About Us

We are members of the Andrew Gonzalez lab , in the Biology Department at McGill University.
Montréal, Québec, Canada

Friday, February 26, 2010

Trade-offs, and the value of Diversity

Researchers in Budapest recently formulated an explanation for why horses might want to be white (from an evolutionary perspective). White horses are more susceptible to skin cancer (of all things) and predation. Well, they do stand out, so higher predation risk isn't too surprising.
But, it turns out the white coats reflect less polarized light than dark horses, which actually makes them less visible to horseflies. Hiding from one risk, while exposing themselves to others.

This story caught my eye, because it highlighted a few aspects of diversity ecologists have been mulling over for a while now. Different traits within a population often trade off between adaptation to one selective pressure (predation, drought, resource depletion, etc.), at the expense of greater risk from another one. These trade-offs can allow a diversity of traits to persist within a population, so long as each experience positive fitness on average.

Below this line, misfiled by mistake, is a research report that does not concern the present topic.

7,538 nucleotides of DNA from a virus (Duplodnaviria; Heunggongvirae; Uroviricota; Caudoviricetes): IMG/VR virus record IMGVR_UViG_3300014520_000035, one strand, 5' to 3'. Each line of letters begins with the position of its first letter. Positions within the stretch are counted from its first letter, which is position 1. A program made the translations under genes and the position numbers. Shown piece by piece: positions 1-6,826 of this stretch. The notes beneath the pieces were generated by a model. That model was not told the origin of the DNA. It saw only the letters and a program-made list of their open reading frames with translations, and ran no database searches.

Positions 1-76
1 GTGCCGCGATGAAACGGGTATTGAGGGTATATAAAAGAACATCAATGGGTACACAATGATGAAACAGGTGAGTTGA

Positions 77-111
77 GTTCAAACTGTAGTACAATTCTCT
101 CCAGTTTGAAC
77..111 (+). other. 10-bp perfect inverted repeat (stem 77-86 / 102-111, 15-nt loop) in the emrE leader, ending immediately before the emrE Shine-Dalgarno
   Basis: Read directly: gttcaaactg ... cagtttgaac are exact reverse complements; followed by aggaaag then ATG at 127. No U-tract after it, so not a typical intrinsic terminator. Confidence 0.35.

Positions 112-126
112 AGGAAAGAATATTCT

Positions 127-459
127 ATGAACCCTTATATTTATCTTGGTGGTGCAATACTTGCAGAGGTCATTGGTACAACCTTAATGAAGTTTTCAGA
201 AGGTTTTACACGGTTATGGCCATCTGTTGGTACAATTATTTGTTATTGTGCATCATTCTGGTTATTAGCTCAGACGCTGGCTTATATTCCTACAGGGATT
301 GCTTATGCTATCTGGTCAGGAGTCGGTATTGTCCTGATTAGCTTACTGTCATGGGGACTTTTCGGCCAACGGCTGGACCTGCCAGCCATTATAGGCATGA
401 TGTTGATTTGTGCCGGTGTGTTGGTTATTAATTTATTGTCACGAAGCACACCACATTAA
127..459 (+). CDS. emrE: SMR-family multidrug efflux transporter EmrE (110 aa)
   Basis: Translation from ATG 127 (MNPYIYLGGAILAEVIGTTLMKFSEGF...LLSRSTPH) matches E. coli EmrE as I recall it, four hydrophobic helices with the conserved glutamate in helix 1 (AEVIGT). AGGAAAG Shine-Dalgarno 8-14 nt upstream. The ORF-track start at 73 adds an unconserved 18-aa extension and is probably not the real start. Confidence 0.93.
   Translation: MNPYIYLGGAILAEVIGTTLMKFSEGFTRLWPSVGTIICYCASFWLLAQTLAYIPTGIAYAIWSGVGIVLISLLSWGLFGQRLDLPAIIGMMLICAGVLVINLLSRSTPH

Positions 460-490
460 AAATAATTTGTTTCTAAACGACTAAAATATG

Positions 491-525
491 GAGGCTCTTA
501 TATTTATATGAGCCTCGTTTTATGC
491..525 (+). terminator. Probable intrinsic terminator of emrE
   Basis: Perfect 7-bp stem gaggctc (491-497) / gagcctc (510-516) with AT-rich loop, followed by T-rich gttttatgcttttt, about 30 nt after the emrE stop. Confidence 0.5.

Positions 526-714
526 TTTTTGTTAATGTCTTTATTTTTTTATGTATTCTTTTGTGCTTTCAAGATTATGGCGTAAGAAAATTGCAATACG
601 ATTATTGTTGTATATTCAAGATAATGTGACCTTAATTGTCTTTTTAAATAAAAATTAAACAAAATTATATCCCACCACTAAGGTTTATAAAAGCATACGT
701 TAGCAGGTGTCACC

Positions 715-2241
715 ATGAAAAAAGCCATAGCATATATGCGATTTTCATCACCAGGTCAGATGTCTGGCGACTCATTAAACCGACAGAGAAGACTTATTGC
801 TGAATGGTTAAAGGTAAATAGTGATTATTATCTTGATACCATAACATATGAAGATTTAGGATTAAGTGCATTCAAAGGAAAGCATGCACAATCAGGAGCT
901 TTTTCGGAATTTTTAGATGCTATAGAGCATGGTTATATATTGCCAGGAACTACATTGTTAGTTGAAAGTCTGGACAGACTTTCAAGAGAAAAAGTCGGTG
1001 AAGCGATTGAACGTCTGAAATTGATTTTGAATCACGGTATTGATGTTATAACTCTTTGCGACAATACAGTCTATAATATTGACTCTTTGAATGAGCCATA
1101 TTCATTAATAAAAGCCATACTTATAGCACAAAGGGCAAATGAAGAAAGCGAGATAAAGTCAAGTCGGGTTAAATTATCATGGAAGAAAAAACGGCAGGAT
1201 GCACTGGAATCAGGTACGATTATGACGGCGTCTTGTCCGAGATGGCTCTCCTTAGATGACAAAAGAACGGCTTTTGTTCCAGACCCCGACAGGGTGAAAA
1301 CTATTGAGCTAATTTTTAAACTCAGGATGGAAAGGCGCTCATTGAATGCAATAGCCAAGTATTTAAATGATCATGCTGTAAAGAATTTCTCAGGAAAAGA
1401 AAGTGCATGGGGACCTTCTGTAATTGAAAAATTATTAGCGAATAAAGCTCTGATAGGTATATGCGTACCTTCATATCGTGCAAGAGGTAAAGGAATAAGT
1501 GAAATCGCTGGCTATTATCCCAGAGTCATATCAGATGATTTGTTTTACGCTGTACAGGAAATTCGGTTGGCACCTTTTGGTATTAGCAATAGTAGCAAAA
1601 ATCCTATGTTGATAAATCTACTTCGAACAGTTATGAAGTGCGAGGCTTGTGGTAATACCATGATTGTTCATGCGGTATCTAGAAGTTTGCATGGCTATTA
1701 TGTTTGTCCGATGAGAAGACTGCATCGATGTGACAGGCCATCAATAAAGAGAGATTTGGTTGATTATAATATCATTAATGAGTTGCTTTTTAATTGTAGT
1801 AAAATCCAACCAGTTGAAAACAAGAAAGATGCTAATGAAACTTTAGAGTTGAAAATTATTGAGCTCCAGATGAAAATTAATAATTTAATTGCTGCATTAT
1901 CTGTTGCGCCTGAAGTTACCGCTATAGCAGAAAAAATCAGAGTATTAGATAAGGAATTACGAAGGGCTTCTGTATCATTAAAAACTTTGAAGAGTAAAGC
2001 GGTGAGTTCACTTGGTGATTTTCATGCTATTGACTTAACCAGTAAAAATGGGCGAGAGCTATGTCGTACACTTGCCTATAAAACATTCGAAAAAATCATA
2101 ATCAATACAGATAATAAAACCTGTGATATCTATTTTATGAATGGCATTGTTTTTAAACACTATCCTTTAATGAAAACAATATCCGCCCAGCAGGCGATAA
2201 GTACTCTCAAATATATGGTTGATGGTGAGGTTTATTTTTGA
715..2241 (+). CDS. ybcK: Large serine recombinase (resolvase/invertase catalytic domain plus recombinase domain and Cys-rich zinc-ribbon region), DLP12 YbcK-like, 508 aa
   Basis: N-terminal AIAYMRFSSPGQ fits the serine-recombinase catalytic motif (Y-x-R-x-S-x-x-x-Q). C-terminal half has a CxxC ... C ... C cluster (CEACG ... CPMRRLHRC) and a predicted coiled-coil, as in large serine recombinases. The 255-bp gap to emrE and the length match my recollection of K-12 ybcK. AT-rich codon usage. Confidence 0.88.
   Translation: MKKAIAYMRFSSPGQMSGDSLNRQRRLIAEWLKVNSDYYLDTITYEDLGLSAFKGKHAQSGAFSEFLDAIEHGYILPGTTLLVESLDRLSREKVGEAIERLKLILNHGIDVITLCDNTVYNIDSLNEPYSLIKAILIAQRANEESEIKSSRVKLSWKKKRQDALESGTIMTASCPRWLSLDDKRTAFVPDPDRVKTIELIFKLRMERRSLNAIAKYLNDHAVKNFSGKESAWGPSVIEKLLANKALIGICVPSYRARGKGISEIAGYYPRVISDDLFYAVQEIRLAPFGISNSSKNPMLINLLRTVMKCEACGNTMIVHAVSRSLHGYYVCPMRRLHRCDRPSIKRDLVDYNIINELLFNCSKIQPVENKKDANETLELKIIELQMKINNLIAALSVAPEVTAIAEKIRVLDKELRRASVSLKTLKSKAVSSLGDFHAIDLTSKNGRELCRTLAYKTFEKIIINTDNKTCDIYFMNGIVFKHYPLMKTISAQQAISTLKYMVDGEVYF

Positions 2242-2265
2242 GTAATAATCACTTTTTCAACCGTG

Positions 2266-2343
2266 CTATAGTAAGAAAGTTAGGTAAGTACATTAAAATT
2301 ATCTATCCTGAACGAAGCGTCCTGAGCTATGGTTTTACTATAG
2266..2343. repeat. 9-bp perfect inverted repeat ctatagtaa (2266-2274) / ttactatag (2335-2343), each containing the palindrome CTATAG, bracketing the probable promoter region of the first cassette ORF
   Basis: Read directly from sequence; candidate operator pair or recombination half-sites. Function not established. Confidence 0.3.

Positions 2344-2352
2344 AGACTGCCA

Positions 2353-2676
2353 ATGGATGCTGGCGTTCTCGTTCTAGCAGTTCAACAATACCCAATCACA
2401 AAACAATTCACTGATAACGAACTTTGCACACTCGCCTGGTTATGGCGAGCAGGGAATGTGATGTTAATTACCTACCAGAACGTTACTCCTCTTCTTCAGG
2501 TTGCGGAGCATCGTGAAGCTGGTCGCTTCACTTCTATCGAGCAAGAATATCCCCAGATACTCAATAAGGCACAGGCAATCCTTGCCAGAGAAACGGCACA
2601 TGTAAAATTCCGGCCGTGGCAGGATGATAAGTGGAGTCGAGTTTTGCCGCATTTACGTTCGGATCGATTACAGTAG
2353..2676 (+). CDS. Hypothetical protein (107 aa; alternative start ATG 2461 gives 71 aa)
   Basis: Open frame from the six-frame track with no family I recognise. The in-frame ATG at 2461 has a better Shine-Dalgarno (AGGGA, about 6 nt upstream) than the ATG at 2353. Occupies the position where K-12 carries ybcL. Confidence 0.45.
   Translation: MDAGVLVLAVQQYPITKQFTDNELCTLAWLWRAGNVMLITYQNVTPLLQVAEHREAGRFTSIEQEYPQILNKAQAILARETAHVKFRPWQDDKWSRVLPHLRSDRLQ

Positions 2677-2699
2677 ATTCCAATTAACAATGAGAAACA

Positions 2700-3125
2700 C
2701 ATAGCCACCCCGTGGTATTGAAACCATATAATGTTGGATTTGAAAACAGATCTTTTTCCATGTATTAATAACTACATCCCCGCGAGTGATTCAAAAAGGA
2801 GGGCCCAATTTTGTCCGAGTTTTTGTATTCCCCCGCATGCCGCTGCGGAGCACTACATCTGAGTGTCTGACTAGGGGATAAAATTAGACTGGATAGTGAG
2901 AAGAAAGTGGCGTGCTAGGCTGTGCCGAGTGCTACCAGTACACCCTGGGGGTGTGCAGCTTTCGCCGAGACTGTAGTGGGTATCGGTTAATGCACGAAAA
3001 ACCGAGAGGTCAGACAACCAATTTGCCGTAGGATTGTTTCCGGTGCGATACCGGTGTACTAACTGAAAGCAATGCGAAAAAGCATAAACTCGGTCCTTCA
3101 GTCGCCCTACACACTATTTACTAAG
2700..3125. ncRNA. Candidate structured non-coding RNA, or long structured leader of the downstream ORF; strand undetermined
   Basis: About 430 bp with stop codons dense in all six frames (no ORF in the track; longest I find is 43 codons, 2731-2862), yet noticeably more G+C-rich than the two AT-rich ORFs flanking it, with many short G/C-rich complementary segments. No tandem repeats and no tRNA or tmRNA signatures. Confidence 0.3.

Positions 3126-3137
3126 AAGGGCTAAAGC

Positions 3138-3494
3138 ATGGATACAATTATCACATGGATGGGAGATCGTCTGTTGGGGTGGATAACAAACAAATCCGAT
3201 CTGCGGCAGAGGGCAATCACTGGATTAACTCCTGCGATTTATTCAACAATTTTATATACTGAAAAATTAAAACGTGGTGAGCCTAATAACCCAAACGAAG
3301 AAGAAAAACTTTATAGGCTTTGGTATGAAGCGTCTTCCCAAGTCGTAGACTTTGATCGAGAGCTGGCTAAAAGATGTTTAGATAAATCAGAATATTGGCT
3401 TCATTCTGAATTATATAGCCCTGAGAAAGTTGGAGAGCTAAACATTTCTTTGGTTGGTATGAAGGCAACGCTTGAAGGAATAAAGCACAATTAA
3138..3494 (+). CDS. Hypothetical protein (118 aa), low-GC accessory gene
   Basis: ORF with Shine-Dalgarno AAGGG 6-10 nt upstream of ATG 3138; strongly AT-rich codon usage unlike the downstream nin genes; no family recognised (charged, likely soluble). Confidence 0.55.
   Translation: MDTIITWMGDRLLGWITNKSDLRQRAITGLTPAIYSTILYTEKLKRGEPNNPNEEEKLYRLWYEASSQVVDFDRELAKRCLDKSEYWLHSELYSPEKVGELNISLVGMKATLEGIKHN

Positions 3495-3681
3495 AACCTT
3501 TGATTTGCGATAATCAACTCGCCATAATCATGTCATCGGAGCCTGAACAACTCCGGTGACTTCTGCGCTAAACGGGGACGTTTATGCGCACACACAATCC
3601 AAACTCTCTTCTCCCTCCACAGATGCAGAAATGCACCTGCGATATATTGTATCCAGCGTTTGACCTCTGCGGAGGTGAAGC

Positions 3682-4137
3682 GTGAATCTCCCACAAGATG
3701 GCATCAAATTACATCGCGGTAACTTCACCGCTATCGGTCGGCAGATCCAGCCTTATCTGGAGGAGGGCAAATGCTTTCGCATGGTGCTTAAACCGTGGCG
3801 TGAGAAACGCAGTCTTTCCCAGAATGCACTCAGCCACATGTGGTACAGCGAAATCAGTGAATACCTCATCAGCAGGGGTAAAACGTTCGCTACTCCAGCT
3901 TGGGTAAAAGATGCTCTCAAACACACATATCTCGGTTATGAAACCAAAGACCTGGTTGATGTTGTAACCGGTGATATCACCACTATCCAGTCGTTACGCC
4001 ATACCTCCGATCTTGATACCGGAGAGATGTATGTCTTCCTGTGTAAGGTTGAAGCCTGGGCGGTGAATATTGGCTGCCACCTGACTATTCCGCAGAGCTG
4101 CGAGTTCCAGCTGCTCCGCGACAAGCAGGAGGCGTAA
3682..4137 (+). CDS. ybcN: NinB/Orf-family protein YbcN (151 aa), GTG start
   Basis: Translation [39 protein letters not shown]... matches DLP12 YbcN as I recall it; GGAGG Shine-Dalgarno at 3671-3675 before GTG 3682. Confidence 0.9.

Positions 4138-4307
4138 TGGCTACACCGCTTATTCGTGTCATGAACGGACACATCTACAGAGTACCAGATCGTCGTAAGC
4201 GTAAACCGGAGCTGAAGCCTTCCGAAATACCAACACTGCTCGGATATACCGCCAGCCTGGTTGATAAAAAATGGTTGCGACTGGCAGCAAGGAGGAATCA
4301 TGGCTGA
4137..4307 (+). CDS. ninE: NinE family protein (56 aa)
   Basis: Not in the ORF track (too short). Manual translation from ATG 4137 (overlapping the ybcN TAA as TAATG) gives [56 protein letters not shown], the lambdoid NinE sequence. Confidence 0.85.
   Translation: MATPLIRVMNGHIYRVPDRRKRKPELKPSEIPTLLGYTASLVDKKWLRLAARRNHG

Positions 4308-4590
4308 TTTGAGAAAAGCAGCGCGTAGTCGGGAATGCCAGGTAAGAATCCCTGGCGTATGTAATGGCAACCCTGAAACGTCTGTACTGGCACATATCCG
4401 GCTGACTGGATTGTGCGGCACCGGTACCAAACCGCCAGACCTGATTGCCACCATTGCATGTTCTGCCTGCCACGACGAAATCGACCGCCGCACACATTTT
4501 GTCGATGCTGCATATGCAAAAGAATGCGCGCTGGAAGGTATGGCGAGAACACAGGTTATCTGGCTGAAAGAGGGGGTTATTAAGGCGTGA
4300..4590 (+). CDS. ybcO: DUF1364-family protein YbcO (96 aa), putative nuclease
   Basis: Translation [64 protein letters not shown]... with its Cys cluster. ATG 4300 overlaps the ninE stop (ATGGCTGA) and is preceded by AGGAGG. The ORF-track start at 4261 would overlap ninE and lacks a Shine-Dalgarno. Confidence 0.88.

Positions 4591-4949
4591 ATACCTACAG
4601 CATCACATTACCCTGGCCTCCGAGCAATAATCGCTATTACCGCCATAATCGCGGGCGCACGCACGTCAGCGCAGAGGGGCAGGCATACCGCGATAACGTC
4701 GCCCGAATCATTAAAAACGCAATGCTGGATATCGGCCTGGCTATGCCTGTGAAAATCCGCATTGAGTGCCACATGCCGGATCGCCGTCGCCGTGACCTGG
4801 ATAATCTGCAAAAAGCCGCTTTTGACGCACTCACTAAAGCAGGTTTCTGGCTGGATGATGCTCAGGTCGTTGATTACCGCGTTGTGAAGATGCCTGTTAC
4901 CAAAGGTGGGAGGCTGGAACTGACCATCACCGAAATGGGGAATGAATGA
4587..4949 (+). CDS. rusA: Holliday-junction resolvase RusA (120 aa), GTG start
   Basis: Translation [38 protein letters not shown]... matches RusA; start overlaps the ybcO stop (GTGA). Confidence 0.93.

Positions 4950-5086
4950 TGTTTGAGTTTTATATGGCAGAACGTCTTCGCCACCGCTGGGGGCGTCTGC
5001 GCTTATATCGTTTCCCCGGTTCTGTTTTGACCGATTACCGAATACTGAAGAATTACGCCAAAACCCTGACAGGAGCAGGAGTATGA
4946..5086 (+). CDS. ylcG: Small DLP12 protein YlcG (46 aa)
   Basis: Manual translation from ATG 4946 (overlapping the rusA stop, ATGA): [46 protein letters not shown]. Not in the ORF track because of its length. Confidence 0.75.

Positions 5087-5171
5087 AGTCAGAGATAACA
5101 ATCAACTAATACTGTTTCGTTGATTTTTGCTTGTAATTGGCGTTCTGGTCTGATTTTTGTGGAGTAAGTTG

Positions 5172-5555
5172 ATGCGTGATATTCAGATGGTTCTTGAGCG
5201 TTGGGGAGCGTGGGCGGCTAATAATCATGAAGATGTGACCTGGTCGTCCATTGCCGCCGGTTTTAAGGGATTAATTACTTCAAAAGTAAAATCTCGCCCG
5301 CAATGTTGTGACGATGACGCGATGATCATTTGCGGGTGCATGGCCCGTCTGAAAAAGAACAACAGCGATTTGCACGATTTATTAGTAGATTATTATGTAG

This is similar to the arguments proposed in the insurance hypothesis by Michel Loreau and Shigeo Yachi, but applied to individuals within a species, rather than species within a community. But the net effect is the same: stabilization and reduced extinction risk at higher aggregate levels of organization. Individual-scale variation may also play an important role in species coexistence at the community level.
Do trade-offs drive evolutionary and ecological dynamics? Do they promote diversity at all scales?

In other news, danish & japanese researchers found yet more evidence that Biology is freaky. They were able to show that changing the concentration of oxygen in water above sediments devoid of macrofauna, directly led to changes in hydrogen sulfide concentrations more than 12 mm below the oxic zone, mediated entirely by electron transfer between bacteria through the sediment to the surface (interface with the overlying water column).
In other words, the bacteria in the sediment created an electric current to drive cellular metabolism and use molecules millimeters away as electron acceptors! That's like running while being powered by a battery sitting a mile away in your house!